Becoming a Citizen Scientist-3

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April 13 is Citizen Science Day. To learn more about this area of research practice I interviewed citizen scientists Jim Salmons and Timlynn Babitsky. 

I’m sharing the interview in three parts. Find the Citizen Science series here. Feel free to share your own experiences with Citizen Science in the comment area!

Q. What do you recommend to MethodSpace readers who are interested in getting more involved with the citizen science movement, as citizen scientists?

JS. A “budding” #CitizenScientist needs a high level of patience, persistence, and a bit of thick-skin to evolve into full “seat at the table” participation in a research community. Honestly, I didn’t set my sights on “just anybody” as prospective mentor/collaborators in my #PLN. I went for connecting with those who could arguably be considered the top researchers in our domain of interest. Researchers at this level of professional knowledge and community involvement (leading conferences, participating in research infrastructure organizations and projects, etc.) are absolutely among the busiest people you will meet in today’s “what have you done for me lately” world of academic research university employment. Emails and tweets can go unanswered or suffer long delays in response. You have to be patient, resourceful in finding alternative solutions to requests made to your #PLN mentors, and of course, have a thick skin to accept the sometimes brutal assessment of your work by those in your research community who “do not suffer fools lightly” or who are simply hostile to us “amateurs.”

The three attributes that a budding #CitizenScientist must nurture are patience, being resourceful in finding “alternate routes” to a goal or information/resource need, and that thick skin to weather the early bumpy road to eventual success and acceptance as a member of your research community. Beyond these traits, the most important thing to do early in your evolution as a #CitizenScientist is to develop and evolve your #PLN, your Personal Learning Network of mentor/collaborators.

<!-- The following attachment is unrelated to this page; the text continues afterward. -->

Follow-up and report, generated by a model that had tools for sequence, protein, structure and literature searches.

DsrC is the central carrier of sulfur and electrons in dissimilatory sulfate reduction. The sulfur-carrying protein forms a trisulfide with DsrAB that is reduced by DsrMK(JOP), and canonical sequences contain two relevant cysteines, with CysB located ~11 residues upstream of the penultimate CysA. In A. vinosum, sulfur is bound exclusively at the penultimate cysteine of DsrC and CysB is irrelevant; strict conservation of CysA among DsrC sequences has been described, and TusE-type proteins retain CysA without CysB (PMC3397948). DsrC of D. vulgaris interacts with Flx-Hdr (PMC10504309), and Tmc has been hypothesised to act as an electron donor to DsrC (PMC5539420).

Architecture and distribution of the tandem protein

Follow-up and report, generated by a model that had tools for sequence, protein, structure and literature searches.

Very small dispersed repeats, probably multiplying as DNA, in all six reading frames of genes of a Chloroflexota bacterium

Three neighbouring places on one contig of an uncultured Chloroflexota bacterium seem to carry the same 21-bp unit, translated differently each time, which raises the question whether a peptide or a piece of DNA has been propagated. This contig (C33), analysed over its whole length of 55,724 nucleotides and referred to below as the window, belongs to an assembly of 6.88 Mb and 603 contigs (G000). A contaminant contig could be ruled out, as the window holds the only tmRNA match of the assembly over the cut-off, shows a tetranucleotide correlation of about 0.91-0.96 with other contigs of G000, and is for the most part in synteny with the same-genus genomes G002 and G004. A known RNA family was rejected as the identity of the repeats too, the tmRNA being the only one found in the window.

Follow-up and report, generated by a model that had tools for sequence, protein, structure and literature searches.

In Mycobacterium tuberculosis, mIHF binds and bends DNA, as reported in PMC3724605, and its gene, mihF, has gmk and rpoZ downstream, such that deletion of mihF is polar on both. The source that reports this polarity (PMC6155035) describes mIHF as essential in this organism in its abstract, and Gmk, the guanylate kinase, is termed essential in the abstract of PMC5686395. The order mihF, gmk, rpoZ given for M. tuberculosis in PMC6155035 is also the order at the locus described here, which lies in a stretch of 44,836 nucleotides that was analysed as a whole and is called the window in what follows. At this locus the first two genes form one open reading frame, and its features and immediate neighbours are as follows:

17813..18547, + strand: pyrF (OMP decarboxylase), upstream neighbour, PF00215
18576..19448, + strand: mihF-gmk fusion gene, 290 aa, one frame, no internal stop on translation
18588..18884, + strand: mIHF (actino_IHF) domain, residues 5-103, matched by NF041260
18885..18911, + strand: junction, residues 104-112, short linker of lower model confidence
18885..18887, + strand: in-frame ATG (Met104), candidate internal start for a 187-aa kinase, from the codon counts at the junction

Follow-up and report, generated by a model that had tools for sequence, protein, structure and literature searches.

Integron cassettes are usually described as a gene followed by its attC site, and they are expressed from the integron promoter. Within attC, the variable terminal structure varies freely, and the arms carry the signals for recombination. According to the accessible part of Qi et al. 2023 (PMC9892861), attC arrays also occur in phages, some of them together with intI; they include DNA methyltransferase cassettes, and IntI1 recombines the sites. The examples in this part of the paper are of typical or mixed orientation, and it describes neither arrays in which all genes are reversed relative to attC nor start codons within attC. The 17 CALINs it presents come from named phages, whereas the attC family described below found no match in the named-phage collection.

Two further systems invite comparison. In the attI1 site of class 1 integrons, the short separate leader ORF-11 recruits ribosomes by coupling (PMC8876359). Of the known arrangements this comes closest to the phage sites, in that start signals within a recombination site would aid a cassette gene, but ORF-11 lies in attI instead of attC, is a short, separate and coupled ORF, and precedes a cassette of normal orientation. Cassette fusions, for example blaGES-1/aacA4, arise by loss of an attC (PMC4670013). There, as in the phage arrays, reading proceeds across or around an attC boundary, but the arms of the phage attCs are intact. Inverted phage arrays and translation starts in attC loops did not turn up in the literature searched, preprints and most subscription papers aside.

Jim Salmons and Timlynn Babitsky

TB. And, of course, “the more you know” makes a whole hill of difference in communicating with a top-dog researcher. But, more than anything: Don’t give up!

Q. Since MethodSpace is about research methods, can you briefly describe how you engage in research?

TB. Throughout this interview we have repeatedly used the #PLN hashtag and the Personal Learning Network term. This is because our approach to being an independent, unaffiliated, and non-traditionally trained #CitizenScientist is almost entirely built on the quality and evolution of our #PLN. Of course, our Personal Learning Network is essential for self-learning, but it is also the means for validation of our work, and for introduction to researchers and projects that would not typically give us the time of day if we were to just introduce ourselves directly.

In the pre-Internet days, #PLNs were largely personal relationships and face-to-face interactions, limited in scope by distance and time. Access to deep learning depended to a large extent on formal education in university settings where only pursuit of advanced degrees provided entre to professorial mentors and collaborators.

Today’s digital world is far more flexible and far-reaching. Today’s #PLNs tend to be multi-layered with the more traditional core personal relationships developed by co-location at conferences and workshops, buttressed by a fluid and evolving layer of informal and much less personal relationships with people we do not know personally. In fact, we have never met face-to-face with most of the amazing researchers we consider mentors/collaborators, nor have we talked with them in real time, nor seen other than their work and photos of their faces. Yet we have extensive communications and strong feelings of connection to these amazing and most-helpful people.